“We have a good relationship with the Kurds. But we never agreed to, you know, protect the Kurds. We fought with them for 3½ to four years. We never agreed to protect the Kurds for the rest of their lives.”

Trump misleadingly frames the agreement as the “rest of their lives.” But the United States had certainly made a deal with the Syrian Democratic Forces (SDF), which lost 11,000 soldiers in defeating the Islamic State, after being trained and equipped by the United States. (Turkey considers elements of this force to be a terrorist threat.) To prevent a Turkish invasion, the United States persuaded the SDF to pull back up to nine miles from the Turkish border. In August, the SDF destroyed its own military posts after assurances the United States would not let thousands of Turkish troops invade. But then Trump tossed that aside.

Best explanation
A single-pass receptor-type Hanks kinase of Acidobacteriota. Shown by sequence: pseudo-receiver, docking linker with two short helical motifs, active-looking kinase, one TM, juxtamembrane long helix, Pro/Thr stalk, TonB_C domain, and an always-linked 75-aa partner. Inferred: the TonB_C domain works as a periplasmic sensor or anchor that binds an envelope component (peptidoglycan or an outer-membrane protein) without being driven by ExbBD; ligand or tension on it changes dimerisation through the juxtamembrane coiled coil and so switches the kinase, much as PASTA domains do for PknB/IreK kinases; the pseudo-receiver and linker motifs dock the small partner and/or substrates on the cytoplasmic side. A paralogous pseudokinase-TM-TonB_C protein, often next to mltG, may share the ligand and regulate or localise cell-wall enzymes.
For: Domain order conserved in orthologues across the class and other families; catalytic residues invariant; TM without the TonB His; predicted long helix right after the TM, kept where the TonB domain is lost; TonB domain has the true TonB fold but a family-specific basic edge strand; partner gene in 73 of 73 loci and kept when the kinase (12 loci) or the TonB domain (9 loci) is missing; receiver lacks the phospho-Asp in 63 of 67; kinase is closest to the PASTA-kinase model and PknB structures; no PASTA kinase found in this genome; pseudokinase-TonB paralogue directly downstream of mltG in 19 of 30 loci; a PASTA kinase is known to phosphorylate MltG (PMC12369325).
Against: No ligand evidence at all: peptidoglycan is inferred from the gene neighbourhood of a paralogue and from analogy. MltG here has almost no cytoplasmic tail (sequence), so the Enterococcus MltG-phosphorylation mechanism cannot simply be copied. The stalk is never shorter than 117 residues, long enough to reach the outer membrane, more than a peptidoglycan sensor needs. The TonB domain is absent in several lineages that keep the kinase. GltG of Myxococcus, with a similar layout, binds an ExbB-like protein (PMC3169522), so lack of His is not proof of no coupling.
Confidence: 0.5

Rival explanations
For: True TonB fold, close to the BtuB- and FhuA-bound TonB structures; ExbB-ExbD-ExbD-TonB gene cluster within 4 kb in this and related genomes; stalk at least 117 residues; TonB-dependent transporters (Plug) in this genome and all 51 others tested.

“I don’t think you people, with this phony emoluments clause — and by the way, I would say that it’s cost me anywhere from $2 billion to $5 billion to be president — and that’s okay — between what I lose and what I could have made.”

The emoluments clause is not phony; it’s right in the Constitution (Article I, Section 9, Paragraph 8): “No Title of Nobility shall be granted by the United States: And no Person holding any Office of Profit or Trust under them, shall, without the Consent of the Congress, accept of any present, Emolument, Office, or Title, of any kind whatever, from any King, Prince, or foreign State.”

Trump’s net worth is valued at $3 billion, so it’s difficult to see how being president could cost him even more than his net worth. Bloomberg News recently estimated that his net worth grew 5 percent in 2018, following two years of declines, bringing it back to the level calculated in 2016. Forbes calculated that as of September, his net worth is $3.1 billion.

So, my conclusion, based on this tiny bit of evidence (and the years of evidence that came before) is that the president is a narcissistic idiot. Why are we still talking about impeachment when the 25th Amendment makes more sense? Oh, right. The Republican Party.